‘Neck to be free’ is a frequent expression for the purpose of reducing excessive muscular tension around the head–neck–back area as a preliminary for the head going forward and up. Several other expressions exist in the literature. This entry considers all such expressions regarding the neck.
F. M. Alexander
Before Alexander formulated any orders or directions for the neck to relax or be free, he made references to the excessive muscular tension around the neck area.
In 1903 Alexander makes the first reference to the neck when he talks about ‘a strong and apparent contraction of the throat and neck muscles’ being a defect and a harmful habit. And states that if ‘the throat and neck muscles, the larynx and the shoulders remain passive’ then ‘the breath will pass noiselessly into the lungs . . .’
In 1906 he talks about the ‘undue rigidity of the neck’. In 1907 he writes about the neck being ‘unduly tensed and shortened’. In 1908 he refers to the ‘stiff necks’ of soldiers, and generally to the ‘neck unduly stiffened’.
It is in ‘Re-Education of the Kinæsthetic Systems’ (1908) that references to the neck feature more frequently, and where it is first described that the teacher provides the orders for, among others, ‘the freedom of the neck (i.e. requisite natural laxness)’.
In CCC Alexander writes:
The teacher further explains that, as the pupil’s sensory appreciation is unreliable, it is unlikely that he will be able to do anything himself to remedy these defects, but that if he will inhibit his desire to stiffen his neck, and give himself the guiding orders or directions to relax it, the teacher will be able by means of manipulation to bring about such a general readjustment of his body that, as a result, his neck will be relaxed.
In UoS Alexander does not mention the order ‘neck to relax’ but talks about the use of his neck which ‘was associated with a depressing of the larynx’ or a ‘wrong use’ of the head and neck, and of discovering a ‘new use’ of his head and neck, a use which ‘which was not associated with hoarseness.’
In UCL Alexander talks about a ‘certain’ use of the head and neck, and of ‘a particular relativity of the head to the neck and the head and neck to the other parts of the organism tended to improve general use and functioning of the organism as a whole. . .’
Alexander continued considering how best to communicate the undoing of unwanted tension in and around the neck. Walter Carrington writes in his 1946 diary:
At tea FM said that he had, at last, decided that we must cut out in future teaching all instructions to order the neck to relax or to be free because such orders only lead to other forms of doing. If a person is stiffening the neck, the remedy is to get them to stop projecting the messages that are bringing about this condition and not to project messages to counteract the effects of the other messages.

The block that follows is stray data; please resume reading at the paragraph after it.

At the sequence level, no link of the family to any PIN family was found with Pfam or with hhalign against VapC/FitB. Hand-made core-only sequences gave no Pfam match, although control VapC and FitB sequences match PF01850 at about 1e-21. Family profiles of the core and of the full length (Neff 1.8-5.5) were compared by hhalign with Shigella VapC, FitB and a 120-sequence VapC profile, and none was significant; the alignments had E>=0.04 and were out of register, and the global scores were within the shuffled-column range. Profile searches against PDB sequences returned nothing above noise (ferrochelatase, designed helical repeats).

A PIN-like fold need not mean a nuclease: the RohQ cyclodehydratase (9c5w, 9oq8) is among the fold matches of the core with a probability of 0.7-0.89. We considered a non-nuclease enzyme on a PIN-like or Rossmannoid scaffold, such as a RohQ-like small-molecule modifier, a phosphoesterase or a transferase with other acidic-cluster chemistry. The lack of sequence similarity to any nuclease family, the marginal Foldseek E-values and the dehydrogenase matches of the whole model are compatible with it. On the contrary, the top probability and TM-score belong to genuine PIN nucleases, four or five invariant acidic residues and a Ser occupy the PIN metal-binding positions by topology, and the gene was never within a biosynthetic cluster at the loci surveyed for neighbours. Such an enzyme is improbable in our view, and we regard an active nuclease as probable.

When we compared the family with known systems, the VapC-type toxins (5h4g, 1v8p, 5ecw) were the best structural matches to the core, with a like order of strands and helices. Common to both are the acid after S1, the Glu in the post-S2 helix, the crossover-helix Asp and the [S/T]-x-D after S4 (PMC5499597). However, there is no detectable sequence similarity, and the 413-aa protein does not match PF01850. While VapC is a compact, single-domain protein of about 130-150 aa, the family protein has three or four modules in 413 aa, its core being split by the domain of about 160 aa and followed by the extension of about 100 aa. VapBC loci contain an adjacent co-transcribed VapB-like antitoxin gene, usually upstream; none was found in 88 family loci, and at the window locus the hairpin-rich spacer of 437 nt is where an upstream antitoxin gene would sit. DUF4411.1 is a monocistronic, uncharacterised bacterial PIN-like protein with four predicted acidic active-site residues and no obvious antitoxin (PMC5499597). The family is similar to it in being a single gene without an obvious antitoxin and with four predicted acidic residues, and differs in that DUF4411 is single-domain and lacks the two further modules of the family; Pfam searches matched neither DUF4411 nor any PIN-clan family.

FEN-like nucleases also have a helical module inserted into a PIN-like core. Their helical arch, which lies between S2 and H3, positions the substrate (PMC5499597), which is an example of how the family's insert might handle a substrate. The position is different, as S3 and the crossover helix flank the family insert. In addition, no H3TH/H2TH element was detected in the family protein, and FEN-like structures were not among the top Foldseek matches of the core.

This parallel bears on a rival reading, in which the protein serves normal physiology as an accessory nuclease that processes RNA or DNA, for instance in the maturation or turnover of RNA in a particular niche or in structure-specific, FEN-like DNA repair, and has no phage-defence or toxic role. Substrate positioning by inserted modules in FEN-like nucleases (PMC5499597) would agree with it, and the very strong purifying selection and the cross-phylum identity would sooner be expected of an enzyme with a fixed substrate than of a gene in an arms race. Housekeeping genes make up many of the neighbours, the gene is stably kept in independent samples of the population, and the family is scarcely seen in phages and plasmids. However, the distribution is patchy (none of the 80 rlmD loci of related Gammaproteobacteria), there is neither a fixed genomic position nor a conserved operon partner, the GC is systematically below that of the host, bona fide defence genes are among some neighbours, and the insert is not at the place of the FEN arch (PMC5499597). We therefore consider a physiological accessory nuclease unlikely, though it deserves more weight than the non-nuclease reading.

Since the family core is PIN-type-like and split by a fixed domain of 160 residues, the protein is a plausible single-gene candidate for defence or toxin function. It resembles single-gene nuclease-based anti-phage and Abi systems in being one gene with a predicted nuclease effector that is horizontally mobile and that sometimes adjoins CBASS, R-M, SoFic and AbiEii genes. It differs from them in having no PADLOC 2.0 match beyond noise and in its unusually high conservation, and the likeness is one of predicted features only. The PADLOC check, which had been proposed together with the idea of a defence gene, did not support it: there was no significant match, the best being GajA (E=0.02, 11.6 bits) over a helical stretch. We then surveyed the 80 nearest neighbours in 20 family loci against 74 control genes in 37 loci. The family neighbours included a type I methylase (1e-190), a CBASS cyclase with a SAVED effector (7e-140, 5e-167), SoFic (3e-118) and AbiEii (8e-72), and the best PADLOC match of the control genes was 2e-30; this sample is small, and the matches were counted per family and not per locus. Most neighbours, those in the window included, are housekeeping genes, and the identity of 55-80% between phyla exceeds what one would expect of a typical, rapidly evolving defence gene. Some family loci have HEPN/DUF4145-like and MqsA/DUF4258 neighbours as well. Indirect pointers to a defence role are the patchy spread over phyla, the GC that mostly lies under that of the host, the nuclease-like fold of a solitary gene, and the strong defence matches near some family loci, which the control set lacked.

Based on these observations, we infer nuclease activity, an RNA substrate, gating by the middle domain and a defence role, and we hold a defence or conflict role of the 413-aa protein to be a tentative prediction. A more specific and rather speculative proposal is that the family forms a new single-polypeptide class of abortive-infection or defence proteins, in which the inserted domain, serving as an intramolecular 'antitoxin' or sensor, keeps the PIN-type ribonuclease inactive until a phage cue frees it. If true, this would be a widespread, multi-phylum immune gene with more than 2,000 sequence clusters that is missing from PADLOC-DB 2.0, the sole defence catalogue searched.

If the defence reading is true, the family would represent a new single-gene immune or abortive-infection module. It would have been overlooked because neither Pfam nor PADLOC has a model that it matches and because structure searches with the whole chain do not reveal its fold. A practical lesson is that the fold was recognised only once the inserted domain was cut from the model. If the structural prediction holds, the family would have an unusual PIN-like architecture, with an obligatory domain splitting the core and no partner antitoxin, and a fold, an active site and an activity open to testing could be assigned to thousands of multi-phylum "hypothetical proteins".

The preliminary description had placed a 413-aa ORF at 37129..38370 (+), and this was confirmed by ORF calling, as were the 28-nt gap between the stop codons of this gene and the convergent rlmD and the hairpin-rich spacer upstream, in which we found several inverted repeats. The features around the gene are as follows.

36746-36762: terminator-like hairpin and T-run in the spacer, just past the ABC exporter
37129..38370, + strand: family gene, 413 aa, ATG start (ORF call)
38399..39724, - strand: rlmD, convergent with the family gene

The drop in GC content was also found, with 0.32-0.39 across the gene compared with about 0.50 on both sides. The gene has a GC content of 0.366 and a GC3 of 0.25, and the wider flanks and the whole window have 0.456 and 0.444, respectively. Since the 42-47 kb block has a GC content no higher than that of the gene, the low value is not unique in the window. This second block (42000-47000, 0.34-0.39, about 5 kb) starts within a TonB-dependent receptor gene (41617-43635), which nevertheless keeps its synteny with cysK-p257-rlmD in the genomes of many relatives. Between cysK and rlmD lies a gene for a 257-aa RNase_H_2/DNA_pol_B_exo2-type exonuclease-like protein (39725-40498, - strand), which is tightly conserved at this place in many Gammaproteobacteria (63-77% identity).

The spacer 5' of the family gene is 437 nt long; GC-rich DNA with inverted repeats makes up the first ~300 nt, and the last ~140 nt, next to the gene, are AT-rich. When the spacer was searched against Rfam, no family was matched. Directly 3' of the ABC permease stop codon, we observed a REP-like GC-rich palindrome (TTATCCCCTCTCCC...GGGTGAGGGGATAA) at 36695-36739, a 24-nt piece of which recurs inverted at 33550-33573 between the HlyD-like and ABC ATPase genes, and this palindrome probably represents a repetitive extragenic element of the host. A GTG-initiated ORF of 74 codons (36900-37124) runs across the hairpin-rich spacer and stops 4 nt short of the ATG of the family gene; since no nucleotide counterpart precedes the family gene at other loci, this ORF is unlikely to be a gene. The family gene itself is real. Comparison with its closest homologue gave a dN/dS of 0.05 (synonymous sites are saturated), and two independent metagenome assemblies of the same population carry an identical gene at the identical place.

And Goddard Binkley in his diary of lessons with Alexander:
‘So, in our work, it’s not just a question of relaxing the neck. That is the wrong point of view. The point is to stop doing with the neck what needs to be done only with the arms or legs, etc.’
However, Alexander continued to use the directions ‘neck to be free’ in his teaching. Goddard Binkley makes several references to Alexander referring to freeing the neck in his diary of lessons, for example he quotes Alexander for telling him:
Once you get that widening of your back, you will be all set. And you get it by allowing the head to go forward and up, by freeing the neck…
All I want you to do is to pay attention to your neck and head, so that your neck is free and your head will go forward and up.
You convert this step of inhibition into the primary activity of freeing the neck, allowing the head to go forward and up, lengthening and widening the back, expanding the chest, and so on. [See also pages 54, 88.]
For more descriptions of Alexander’s neck directions in his teaching, see Descriptions of F. M. Alexander.
First generation teachers
Lulie Westfeldt who trained with Alexander on his first teachers training course, used the term ‘neck free’.
Patrick Macdonald often used the phrase ‘Let the neck be free’.
Marjorie Barstow would often use the phrasing ‘allow your head to delicately balance on the top of your spine’, thereby indirectly indicating a freeing or a non-doing of the neck.
Margaret Goldie preferred the phrase ‘quiet’: ‘Get it into your brain that you want to be quieter at the head and neck.’
Some teachers emphasize a preventative phrasing, e.g. ‘not to stiffen the neck’, ‘not to tighten the neck’.
Pupils have reported their own phrasings; for example, a pupil of Alexander in 1919 wrote: ‘We have to be taught to walk without using our neck and needless abdominal tension.’ Another pupil of Alexander’s wrote in 1942: ‘I was to keep my neck limber and not strain.’
- ‘On freeing the neck - Excerpts from a conversation’ by Walter Carrington, Christopher Stevens.
- ‘Why do we tense our necks?’ by Michael Protzel.
See also Directions.